Infant Sorrow – Get Him To The Greek

Infant Sorrow - Get Him To The Greek (2010)

Infant Sorrow - Get Him To The Greek (2010)

Infant Sorrow is the greatest, the biggest and the craziest rock band that ever walked among us. His front man and leader, Aldous Snow, is one of those rare specimens that seem to act like human laws simply don’t have a jurisdiction on him… How is that called nowadays?  Anarchy? I’m not sure, but it certainly is appealing and entertaining to watch someone break any established rule and act with disdain in almost any situation imaginable.

However, there’s just one little problem: Infant Sorrow is not actually a real band, and Aldous Snow is in fact an actor that goes in real life by the name of Russell Brand. Get Him To The Greek was the result of the movie of the same name, to which this album serves as its soundtrack.

Instead of featuring 20 songs from all sort of artists, someone had the clever idea of having  a full album featuring the band depicted in the movie, and what a surprise, this actually sounds awesome, I could almost say that this sounds a lot better than half of the real bands out there, and is a very entertaining and funny album too.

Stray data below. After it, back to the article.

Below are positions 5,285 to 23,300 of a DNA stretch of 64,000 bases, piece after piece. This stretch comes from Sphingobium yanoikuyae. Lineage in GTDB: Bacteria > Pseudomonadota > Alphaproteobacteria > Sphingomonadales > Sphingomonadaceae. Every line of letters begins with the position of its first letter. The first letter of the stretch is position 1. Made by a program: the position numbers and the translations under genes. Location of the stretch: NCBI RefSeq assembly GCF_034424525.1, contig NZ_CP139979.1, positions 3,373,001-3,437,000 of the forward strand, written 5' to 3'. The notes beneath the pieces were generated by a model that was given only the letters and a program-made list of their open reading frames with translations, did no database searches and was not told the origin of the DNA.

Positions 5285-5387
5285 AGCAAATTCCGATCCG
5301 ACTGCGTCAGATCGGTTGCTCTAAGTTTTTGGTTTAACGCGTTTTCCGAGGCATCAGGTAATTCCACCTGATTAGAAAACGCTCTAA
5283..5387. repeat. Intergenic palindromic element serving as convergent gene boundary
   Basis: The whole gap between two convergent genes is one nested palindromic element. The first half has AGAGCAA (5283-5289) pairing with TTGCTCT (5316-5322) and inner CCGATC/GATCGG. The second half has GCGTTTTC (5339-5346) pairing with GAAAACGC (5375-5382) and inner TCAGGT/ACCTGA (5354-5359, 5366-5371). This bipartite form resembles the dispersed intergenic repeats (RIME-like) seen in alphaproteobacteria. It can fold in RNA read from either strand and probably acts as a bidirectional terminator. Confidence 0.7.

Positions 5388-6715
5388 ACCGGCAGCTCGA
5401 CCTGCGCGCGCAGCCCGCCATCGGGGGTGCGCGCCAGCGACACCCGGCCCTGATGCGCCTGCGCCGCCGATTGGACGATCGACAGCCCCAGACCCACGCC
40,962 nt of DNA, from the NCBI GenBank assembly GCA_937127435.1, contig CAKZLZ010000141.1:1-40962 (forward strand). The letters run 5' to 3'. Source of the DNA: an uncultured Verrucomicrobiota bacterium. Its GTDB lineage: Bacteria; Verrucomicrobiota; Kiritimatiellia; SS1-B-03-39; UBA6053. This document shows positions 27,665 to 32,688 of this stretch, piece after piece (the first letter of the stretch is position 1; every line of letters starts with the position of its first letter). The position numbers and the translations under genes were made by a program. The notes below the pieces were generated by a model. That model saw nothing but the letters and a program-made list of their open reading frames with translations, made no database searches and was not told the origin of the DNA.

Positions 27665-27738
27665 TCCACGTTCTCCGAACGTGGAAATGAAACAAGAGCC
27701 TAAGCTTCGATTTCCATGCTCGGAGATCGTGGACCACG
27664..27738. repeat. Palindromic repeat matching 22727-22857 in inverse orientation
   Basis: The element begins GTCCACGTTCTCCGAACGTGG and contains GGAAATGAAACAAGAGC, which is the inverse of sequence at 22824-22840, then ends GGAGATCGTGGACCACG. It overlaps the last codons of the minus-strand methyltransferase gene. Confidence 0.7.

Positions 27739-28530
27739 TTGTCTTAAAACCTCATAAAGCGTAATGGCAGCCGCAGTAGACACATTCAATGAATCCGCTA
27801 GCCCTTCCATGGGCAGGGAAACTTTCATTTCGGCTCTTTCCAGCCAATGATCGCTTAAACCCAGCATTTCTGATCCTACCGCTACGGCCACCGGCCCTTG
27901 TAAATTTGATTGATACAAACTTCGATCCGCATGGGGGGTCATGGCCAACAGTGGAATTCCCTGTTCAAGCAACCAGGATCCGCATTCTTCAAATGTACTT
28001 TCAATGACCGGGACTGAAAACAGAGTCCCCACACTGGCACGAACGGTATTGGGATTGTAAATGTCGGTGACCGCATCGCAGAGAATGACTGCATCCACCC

Russell Brand is fully immersed in his character here, and although he has admittedly said that all he did was lend his voice to the project, the end result does a lot more than just provide a few background songs to a bland film. Soon enough you’ll forget about the film and this album will come alive on his own, and you will almost wish that Infant Sorrow were a real band.

The people behind the music and lyrics of Get Him To The Greek were actually real musicians, which under the persuasion from actor Jason Segel (the film producer and writer) pulled an impressive collection of songs that range from pop/rock catchy tunes to some more elaborate alternative rock inspired songs. There is a catch however, and it is that all of the songs are in some way or another inspired by very explicit and questionable subjects, so don’t be surprised to be caught listening a song about a “love drug dealer” (Gang of Lust), the next minute a song about a gonorrhea infection (The Clap), a self proclamation of being some sort of Jesus / Mahatma / Zoroaster divinity (I Am Jesus), or even a song depicting having sex while under the influence of heroin (Fucking On Heroin).